CAM(eo) Appearances

So, you have a diagnosis and you’re armed with a brand new prescription from you doctor (as we discussed yesterday).Your doctor (and the medication he prescribes) is considered part of conventional medicine.

If you also visit a chiropractor or acupuncturist for treatment, you’d be in the field of complementary and alternative medicine – CAM for short.

CAM tries to prevent and treat different conditions with techniques such as:

  • healing touch
  • energy
  • herbal medicines

Many CAM therapies have been around for centuries. But do they really work?

There is research to show that some CAM techniques can help with problems like pain and nausea. But other alternative therapies don’t have enough medical evidence to determine if they are effective.

Acupuncture

203. acupunctureWhat it is: This traditional Chinese medicine technique uses thin needles to stimulate various points around the body. Each point corresponds to a specific condition. The aim of acupuncture is to restore a balance of energy and good health to the body.

The evidence: Many of acupuncture’s benefits still haven’t been confirmed. That’s because more studies on acupuncture need to be performed. But evidence suggests that acupuncture may help ease some chronic pain conditions, including:

  • headaches
  • low back pain
  • osteoarthritis of the knee

Chiropractic Medicine

imagesWhat it is: Chiropractors specialize in adjustments – manipulating the spine to put the body into better alignment. People typically visit the chiropractor when they have pain in their lower back, shoulders, and neck. But many chiropractors claim adjustments can also improve overall health.

The evidence: Chiropractic medicine does seem to provide some relief for lower back pain. But it may not be any better than other back pain treatments.

Studies have also found the technique effective for:

  • migraine and neck-related headaches
  • neck pain
  • joint conditions
  • whiplash

But there isn’t much data on the effectiveness of chiropractic medicine for FM.

Energy Therapies

Energy therapies use magnets and therapeutic touch to manipulate the body’s energy fields and improve health.

Here’s a round-up of some common energy therapies:

Magnetic Field Therapy

What it is: Magnets are thought by some to have healing abilities. Centuries ago, people believed magnets could treat everything from gout to baldness. Today, they’re worn inside bracelets, shoes, and other accessories.

The evidence: There’s no conclusive evidence that magnets are effective pain relievers. There are a series of studies currently looking at a magnet therapy called transcranial magnetic stimulation which may help manage the symptoms of FM. Any results are preliminary. More study is needed to see if the therapy is effective.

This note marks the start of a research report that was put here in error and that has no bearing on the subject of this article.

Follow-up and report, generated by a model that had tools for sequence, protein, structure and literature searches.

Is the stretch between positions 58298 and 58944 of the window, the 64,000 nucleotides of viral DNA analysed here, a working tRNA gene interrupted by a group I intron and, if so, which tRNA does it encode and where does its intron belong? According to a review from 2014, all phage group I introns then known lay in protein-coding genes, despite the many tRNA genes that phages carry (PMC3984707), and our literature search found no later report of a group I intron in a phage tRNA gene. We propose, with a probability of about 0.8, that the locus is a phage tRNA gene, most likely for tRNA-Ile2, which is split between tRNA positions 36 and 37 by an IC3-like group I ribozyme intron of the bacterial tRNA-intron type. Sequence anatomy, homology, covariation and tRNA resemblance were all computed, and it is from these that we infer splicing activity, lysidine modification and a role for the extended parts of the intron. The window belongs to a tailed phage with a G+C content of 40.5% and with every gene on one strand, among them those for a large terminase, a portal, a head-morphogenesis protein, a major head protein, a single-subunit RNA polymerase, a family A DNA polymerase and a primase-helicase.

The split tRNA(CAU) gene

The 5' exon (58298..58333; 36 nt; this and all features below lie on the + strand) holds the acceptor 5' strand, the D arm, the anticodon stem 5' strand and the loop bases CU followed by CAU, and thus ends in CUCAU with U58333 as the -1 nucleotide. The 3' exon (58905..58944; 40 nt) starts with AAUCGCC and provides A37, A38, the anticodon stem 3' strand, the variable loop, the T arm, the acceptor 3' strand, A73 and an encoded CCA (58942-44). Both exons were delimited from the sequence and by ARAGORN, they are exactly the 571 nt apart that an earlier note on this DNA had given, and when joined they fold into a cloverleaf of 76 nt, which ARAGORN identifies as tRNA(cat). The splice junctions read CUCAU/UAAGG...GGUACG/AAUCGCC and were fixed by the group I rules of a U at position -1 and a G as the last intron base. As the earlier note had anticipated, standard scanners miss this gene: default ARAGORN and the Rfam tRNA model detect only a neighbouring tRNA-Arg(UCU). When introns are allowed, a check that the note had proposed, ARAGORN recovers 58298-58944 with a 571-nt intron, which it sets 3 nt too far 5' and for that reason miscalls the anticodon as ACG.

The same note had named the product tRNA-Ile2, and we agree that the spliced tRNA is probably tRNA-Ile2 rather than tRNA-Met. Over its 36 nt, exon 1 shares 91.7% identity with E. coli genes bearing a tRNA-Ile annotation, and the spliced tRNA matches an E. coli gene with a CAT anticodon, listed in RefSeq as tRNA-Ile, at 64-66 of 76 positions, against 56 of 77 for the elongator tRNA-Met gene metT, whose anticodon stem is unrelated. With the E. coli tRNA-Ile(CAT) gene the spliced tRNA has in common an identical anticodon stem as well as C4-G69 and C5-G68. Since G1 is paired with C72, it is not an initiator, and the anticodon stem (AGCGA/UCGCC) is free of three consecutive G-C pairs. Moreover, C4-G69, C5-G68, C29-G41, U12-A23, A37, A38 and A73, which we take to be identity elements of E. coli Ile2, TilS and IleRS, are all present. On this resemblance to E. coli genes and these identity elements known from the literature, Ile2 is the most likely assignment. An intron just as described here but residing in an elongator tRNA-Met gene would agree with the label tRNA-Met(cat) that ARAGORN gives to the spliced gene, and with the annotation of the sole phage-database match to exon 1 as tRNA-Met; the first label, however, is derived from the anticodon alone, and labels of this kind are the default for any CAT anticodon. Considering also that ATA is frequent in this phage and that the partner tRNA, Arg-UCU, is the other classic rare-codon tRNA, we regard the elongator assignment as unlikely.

Magnets are generally safe. But they can disrupt the function of pacemakers, defibrillators, and insulin pumps. That makes them potentially dangerous for anyone who uses these devices.

Reiki

reiki-handsWhat it is: The premise of Reiki is that it accesses the body’s natural energy to speed healing. The practitioner hovers his or her hands over the patient’s body. Or he or she places them lightly on the person’s skin.

The evidence: There is something to be said for the healing touch when it comes to bringing about a state of calm. One study showed that Reiki was effective in bringing about an increase in:

  • happiness
  • relaxation
  • feeling of calm

Therapeutic Touch

What it is: Advocates of this technique suggest that the power of touch may direct energy flow and treat pain and disease.

The evidence: It’s hard to tell for sure whether therapeutic touch works. There have been few good studies done on this technique. Researchers have investigated its effects on wound healing, pain, and anxiety. But most studies had mixed results. There is no conclusive evidence of effectiveness.

Herbal Medicine

Plants form the foundation of herbal medicine. They’re taken in several forms including pills, powders, or extracts to treat a variety of conditions. Herbal medicine can be divided into three types:

Ayurvedic

What it is: Ayurvedic medicine originated in India more than 2,000 years ago. It focuses on balance of the mind, body, and spirit. Hundreds of different herbs are used to:

  • protect the body against disease
  • relieve pain
  • improve general health

The evidence: Most studies performed have been small. They cannot provide conclusive evidence that Ayurvedic herbal medicine works.

There’s also a serious caution to using Ayurvedic products. One study found that Ayurvedic herbal medicines from South Asia had dangerously high levels of:

  • lead
  • mercury
  • arsenic

Chinese

12882850-chinese-food-therapy-traditional-chinese-herbal-medicineWhat it is: Chinese herbal medicines include gingko and ginseng. They are not used to treat a specific symptom or disease. Instead they are meant to restore balance to the body as a whole. These medicines can be taken in many forms, including pills, powders, and teas.

The evidence: Chinese herbal remedies have been studied but the research hasn’t been well-designed enough to draw any conclusions on effectiveness.

Regarding safety, there have been reports of heavy metals and other toxins in certain Chinese herbal remedies.

Traditional